Hedge fund survey reveals industry innovation
It is no secret that hedge funds face a challenging fundraising environment. The industry is at an inflection point, with muted performance continuing for many and pressure growing from investors for a better alignment of interests with regards to the fees they pay.
At the same time there are an increasing range of structures for managers to utilise when looking to raise capital and myriad distribution options for funds attempting to tap into investors across the globe.
Against this backdrop, Citco Fund Services and HFM Global have undertaken an extensive survey of 223 global hedge fund managers to get a sense of the challenges and opportunities investment management firms see in the current climate.
The responses were gathered during the last quarter of 2016 from firms running a diverse range of strategies and are dominated by those with $1bn or more under management.
The findings offer unprecedented insights about how different hedge funds are faring in fundraising terms. They also reveal firms’ preferred – and most effective – methods of raising money.
The full report will be published in February, but in this article we can reveal a number of key findings.
Rise of managed accounts
Our research reveals how managed accounts have become the engine of industry growth in recent years as institutional investors in particular demand more transparent asset structures. For 19% of global hedge fund firms these vehicles are now the biggest source of new inflows, with this rate rising to 28% among US managers.
The data also sets out how far hedge funds are looking to branch out into new strategies, with 41% telling us they will be starting a new fund this year. Long/short equity and managed futures funds appear to be the most popular among existing managers looking to grow and diversify their product range.
US managers are most innovative
Innovation is a key theme of this research. Nearly three-quarters of respondents say they are experimenting with new fund structures to attract investment. This figure rises to 78% among managers in the US.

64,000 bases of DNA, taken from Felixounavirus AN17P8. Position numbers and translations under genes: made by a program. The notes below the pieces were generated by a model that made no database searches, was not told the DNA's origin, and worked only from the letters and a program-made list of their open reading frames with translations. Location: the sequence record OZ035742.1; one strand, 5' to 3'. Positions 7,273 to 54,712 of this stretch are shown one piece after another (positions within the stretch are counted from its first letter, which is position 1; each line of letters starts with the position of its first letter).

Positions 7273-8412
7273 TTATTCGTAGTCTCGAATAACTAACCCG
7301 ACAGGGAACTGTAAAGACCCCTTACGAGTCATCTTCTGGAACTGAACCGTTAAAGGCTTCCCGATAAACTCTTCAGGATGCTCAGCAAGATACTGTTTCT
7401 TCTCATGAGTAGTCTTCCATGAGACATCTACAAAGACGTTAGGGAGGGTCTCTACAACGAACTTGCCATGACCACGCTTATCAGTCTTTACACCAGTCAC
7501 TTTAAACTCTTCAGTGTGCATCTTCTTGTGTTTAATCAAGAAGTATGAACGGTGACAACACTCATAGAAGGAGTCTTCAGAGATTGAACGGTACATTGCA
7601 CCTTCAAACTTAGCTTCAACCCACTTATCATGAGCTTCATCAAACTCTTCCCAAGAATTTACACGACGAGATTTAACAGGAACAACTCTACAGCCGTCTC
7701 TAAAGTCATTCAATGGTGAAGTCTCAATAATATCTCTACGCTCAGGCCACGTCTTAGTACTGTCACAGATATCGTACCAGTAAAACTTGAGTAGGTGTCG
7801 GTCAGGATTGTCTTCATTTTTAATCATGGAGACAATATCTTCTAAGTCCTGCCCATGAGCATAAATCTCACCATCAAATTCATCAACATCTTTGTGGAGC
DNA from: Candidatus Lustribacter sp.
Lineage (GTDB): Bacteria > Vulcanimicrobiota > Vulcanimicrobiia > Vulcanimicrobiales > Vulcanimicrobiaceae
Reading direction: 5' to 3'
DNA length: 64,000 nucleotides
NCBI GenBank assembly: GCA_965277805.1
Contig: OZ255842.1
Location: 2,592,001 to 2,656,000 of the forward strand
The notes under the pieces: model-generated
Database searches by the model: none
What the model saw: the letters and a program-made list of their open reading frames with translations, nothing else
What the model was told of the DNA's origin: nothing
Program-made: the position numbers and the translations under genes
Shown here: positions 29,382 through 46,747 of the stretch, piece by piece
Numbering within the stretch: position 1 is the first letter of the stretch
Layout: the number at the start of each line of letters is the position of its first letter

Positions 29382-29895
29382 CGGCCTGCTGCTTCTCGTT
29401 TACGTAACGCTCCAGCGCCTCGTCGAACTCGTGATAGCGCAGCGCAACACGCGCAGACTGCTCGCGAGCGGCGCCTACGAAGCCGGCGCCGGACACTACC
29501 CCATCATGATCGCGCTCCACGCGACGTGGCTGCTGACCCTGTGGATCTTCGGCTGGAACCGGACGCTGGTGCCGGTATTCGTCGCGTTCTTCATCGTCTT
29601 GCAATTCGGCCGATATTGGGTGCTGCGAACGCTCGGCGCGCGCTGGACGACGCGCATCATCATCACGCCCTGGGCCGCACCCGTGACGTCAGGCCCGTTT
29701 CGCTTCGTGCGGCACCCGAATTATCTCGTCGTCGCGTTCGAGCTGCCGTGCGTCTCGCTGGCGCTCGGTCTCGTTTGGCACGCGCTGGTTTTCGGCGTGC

Big funds are getting bigger as the concentration of assets among the largest managers continues. These firms are also the most bullish about future growth, often through a diversified strategy involving hedge funds, private equity and real estate. It’s clear that these firms are evolving from pure hedge funds into true asset managers.
Pension funds remain largest allocators
Despite a number of large US public pension funds withdrawing from hedge funds or cutting back on exposure, this section of the investor community continues to be the main source of inflows for big managers.
Among $1bn-plus firms, pension funds were the largest allocator for 40% of managers, compared to an overall average of 27% of global funds seeing them as their biggest investor. This underlines how pension fund money is still flowing primarily to the biggest names.
Small managers may feel excluded from this important source of capital, but that may change given the poor performance or capacity issues experienced at many large shops.
Liquid alts take up stays slow
Liquid alts structures in the US have so far failed to live up to the hype of a few years ago, although alternative Ucits vehicles in Europe are popular. Only 8% of respondents currently have a liquid alts structure, but 14% are planning to launch one.
Interestingly, appetite was stronger in the US, which has seen a slow burn of liquid alts money in recent years, with 26% of managers looking to launch such funds, compared to 12% in the UK. By strategy, global macro managers were most keen, with a third of such firms revealing plans to start a liquid alts fund.
On 23 February, Citco and HFM Global will release the full Hedge Fund Distribution Trends Survey 2017 and we’ll make sure you get a copy. We will also be running breakfast events in London on 23 February and in New York on 1 March to debate the findings with a range of industry experts.